A groundbreaking guide to the universe and how our latest deep-space discoveries are forcing us to revisit what we know - and what we don't.
On March 21, 2013, the European Space Agency released a map of the afterglow of the big bang. Taking in 440 sextillion kilometers of space and 13.8 billion years of time, it is physically impossible to make a better map: We will never see the early universe in more detail. On the one hand, such a view is the apotheosis of modern cosmology; on the other, it threatens to undermine almost everything we hold cosmologically sacrosanct. The map contains anomalies that challenge our understanding of the universe. It will force us to revisit what is known and what is unknown, to construct a new model of our universe.
This is the first book to address what will be an epoch-defining scientific paradigm shift. Stuart Clark will ask if Newton's famous laws of gravity need to be rewritten, if dark matter and dark energy are just celestial phantoms. Can we ever know what happened before the big bang? What's at the bottom of a black hole? Are there universes beyond our own? Does time exist? Are the once immutable laws of physics changing?
©2016 Stuart Clark, PhD (P)2016 Audible, Inc.
Yes, I already plan to. I was so enthralled that I raced through it and want to go back and see what I missed. I will probably listen to it several times.
This was a very well presented synopsis of astronomy's forefront theories written in a way laymen can easily understand. Dr Clark explained several theories that I had been having trouble with and previoulsy hadn't found better sources of explanation, now I understand and they make much more sense to me.
I was particularly delighted to see that there is at least one leading edge scientist who questions the validity of "dark matter" and "dark energy". I have always balked over accepting these. We might as well go back to believing in the "ether". I hope others on the forefront are listening to what he has to say and acting on it.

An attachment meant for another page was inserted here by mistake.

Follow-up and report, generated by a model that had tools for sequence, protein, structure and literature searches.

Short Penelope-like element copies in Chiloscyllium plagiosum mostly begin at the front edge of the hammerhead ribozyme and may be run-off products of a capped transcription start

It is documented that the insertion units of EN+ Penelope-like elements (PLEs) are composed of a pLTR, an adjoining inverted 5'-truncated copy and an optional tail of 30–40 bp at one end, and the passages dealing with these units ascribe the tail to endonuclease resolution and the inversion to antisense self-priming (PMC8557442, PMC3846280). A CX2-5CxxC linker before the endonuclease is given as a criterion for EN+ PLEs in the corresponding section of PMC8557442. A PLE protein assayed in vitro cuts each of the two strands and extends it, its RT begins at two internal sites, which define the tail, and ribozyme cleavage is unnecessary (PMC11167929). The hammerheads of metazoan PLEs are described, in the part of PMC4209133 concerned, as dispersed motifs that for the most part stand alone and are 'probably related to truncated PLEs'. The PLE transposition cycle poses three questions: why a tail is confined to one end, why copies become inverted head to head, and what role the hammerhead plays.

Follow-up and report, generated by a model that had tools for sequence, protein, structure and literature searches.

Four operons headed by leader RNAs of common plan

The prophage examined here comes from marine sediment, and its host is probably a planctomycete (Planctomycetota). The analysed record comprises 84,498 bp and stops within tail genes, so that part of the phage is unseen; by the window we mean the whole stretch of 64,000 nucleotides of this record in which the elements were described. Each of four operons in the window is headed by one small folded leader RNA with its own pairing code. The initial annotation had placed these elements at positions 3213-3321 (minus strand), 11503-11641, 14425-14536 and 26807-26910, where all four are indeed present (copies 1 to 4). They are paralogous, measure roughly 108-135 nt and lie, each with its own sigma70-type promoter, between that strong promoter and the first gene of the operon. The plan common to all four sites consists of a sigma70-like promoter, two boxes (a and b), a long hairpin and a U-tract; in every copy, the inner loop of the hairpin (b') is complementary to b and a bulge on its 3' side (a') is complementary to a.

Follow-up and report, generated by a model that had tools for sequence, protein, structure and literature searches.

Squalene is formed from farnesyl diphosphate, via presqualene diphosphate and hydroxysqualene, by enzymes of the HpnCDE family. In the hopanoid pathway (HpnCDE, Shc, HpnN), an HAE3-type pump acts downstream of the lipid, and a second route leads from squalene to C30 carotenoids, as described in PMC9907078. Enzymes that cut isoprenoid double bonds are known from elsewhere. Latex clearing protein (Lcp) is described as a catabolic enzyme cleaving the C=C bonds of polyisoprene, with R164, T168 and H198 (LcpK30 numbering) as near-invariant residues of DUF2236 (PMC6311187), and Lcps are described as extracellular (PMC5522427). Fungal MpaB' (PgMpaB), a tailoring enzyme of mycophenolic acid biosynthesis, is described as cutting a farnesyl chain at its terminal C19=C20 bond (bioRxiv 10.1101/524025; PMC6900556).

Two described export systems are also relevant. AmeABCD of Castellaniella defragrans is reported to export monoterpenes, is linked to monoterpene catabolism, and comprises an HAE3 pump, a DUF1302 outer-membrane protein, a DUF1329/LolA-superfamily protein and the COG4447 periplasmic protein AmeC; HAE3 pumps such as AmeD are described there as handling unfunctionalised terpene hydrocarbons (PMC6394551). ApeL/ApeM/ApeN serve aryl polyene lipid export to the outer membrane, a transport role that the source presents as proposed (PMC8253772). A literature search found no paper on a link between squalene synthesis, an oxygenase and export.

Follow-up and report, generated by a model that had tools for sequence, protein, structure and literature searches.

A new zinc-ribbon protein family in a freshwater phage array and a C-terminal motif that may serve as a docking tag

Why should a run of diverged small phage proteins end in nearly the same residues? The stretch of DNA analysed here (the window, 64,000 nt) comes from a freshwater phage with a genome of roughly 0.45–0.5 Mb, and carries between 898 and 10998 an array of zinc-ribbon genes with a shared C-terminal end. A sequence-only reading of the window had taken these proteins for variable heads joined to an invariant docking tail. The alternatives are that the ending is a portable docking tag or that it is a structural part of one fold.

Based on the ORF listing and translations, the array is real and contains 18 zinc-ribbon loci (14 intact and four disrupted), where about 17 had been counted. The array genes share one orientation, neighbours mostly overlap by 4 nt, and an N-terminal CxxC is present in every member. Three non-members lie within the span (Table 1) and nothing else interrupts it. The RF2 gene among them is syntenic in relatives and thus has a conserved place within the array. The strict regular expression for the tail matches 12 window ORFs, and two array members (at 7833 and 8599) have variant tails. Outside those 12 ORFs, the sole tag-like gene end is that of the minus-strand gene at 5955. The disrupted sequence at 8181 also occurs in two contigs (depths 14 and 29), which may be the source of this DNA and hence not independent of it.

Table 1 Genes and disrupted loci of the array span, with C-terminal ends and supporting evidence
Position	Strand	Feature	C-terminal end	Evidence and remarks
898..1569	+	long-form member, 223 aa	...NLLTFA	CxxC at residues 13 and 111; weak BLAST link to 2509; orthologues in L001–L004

No I haven't as far as I know. but I think he did an excellent job, the only reason I didn't give him 5 stars was his mispronunciation of a few words. I particularly remember "Magellanic" considering the source word he should have gotten that one right.
Absolutely! I wish there were many more just like it.
I love listening to books in all areas of science. I have tried to keep up with the current discoveries so I wasn't sure if there would be any new info or if it would just be presented from Dr Clark's POV. I was pleasantly surprised by the unexpected additional info he presented.
Software engineer and avid, lifetime student. I like deep, thoughtful non-fiction, and fiction that compliments and enriches it.
One of my favorite books is "The 4% Universe", and having devoured that and most of the other Astronomy/Astrophysics/Physics/Cosmology books available ("Quantum", The Fabric of the Cosmos, Warped Passages, The Lightness of Being, A Universe from Nothing) I've been anxious for a book that would include the past ~7 yrs experiments and the resulting evolving conjectures of scientists. This is that book, basically. My only complaints are that it at some points it tries to nod to less-technical readers (such as re-explaining the Doppler Effect, then not even presenting or using the name "Doppler Effect"), and, at 8 hrs, for being disappointingly short. I would have enjoyed deeper dives into alternative theories and some coverage of the scientists developing them.
Still, a good contribution to popular science and definitely worth the read.
It didn't seem long ago that science was full of new answers. The field of natural philosophy becoming science introduced testable hypotheses, where theories can only be considered science if they can be tested.
The author provides an open minded approach to possibilities of new discoveries. He is almost conceding that Cosmology as we know it might undergo a revolution as the most prevailing theories are finding it hard to fit the figures or explain anything that can be tested.
Time for science on the fringe to shed dogma that has plagued generations and provide testable theories. Highly engaging and recommended book if you like to look at new scientific discoveries in historical context.
What i liked most about this book is that it is diversified and touches many subjects in cosmology, few in quantum mechanics, relativity theory, etc...
I didn't like some parts, especially at the beginning of the book, when the author goes back in history and explains about what and how scientists (cosmologists, physicists, ...) discovered the elements of universe and how theories were put in place, etc... I find such parts boring and useless for someone who wants to understand the universe now.
The narration is excellent.
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